Employees had ample cultures to choose from. If Grey didn’t work, an employee could go to similar shops –
Compton, Dancer, Bates. If a client was unhappy with Chiat/Day, but liked their creativity, they could go to Messner, Warwick Baker, Margeotes. Mad Dogs. One could move to a highly respected small, strategic agency like Waring & LaRosa or a huge creatively driven shop like BBD&O. You may disagree with my categorizations, but the point is that there were a huge number of choices of all sizes and shapes.

(The shame is that advertising people under the age of 35 don’t know most of the agencies I just mentioned.)

I cannot think of a single advertising merger during the last twenty or so years where one plus one equaled two or more. In most cases, when the smoke cleared and loyal clients left, one plus one equaled about one and a half, if they were lucky. Perhaps there were back office savings which justified the purchase or merger, but for the most part the cultures were destroyed and the very clients that were “purchased” left the agency. There have been a few exceptions – the purchase by Publicis of D’Arcy and then the merger of the old Bloom agency into it is one that comes to mind immediately.

The holding companies buy and sell agencies and completely disregard their individual cultures in favor of "savings". In some cases, I believe that the mergers are well intended, but often misguided. Look, for instance, at the disastrous merger of Ammirati & Puris with Lintas. Ammirati was a wonderful agency, started in the mid-1970's by the very talented Ralph Ammirati and Martin Puris. By the early 1990's it had become a powerhouse creative agency with accounts like BMW and Burger King. Lintas, a worldwide giant, always suffered from creative issues. Although there were worldwide pockets of creative strength, the agency also suffered from business issues. Most people forget that the initials at LINTAS stood for Lever International Advertising Service. Putting the two agencies together was an honest attempt to strengthen the creative of one, particularly the New York office, and improve the worldwide reach of the other. Instead, it turned out to be an unmitigated disaster, causing the ultimate demise of both shops.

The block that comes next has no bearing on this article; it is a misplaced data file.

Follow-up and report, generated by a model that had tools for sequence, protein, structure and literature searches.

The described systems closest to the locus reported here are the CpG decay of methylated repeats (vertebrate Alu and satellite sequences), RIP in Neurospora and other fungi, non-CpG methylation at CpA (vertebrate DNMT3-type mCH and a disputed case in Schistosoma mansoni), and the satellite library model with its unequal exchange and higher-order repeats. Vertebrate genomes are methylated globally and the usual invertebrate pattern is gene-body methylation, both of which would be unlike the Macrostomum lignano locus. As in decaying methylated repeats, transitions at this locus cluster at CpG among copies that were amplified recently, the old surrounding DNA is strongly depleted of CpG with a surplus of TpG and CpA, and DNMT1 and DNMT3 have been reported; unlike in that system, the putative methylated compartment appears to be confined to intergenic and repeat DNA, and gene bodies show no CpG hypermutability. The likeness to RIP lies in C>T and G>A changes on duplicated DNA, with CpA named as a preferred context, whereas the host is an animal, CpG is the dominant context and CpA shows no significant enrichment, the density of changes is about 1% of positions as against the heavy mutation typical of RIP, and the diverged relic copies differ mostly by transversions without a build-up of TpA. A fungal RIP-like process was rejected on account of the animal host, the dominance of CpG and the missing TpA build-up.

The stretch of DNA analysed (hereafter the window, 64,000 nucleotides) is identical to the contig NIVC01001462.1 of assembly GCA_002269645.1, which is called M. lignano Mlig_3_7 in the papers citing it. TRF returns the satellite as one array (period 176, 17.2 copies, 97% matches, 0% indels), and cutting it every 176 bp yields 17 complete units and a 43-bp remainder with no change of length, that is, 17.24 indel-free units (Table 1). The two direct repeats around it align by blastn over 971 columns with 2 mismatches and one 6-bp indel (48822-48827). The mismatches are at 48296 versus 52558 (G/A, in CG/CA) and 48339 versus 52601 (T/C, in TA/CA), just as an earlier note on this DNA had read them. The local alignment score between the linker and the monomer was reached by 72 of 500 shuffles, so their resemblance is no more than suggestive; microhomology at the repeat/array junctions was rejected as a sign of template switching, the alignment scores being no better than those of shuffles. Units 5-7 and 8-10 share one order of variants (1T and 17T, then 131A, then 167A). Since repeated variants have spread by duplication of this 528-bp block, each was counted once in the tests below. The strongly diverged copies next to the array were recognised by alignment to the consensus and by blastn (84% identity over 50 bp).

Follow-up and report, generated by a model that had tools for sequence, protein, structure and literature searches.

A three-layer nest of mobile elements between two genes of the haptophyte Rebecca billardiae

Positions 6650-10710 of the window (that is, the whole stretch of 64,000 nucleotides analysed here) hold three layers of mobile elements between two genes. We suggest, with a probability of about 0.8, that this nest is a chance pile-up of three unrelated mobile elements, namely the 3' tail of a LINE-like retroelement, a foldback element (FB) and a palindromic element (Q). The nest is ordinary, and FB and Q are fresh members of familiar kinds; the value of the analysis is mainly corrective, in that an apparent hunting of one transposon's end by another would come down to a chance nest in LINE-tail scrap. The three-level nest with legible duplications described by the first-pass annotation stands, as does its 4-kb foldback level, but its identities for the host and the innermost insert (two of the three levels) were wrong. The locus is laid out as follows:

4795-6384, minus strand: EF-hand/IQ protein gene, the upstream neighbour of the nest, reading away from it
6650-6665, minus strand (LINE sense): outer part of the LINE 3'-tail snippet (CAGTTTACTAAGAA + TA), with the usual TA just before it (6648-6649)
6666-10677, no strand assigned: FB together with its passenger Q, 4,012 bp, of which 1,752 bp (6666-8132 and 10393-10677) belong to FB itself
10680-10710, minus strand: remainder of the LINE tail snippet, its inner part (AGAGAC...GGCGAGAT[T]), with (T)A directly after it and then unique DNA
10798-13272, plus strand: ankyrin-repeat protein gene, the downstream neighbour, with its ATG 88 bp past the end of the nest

But I digress.  The point is that the business has become homogenized. The late, great Phil Dougherty, ad columnist for the New York Times, once said to me that all agencies were the same. His logic: If Bill Hamilton, the esteemed creative director of the old Chiat/Day New York, could move to Ogilvy, then Ogilvy and Chiat were the same place. I always disagreed. But in retrospect, he had a well taken point.

There are a few agencies today which have differentiated themselves - Crispin, Kaplan Thaler, Mother, Strawberry Frog, Goodby, BBH, Deutsch, Kirshenbaum, Widen, Fallon, Amalgamated. If a client hires them or a new employee goes there, they pretty much know what they are getting. If you look at most of these agencies, there seems to be one thing in common: They all have a leader who has a distinct personality and a public persona. They are all also all about the work.

Hopefully, these shops will continue to grow and flourish.  This is a business of personality. It always has been and it always should be. Personality here is defined as size, culture, creativity.  The business needs more choices.

I would like to hear your comments and share them with my readers.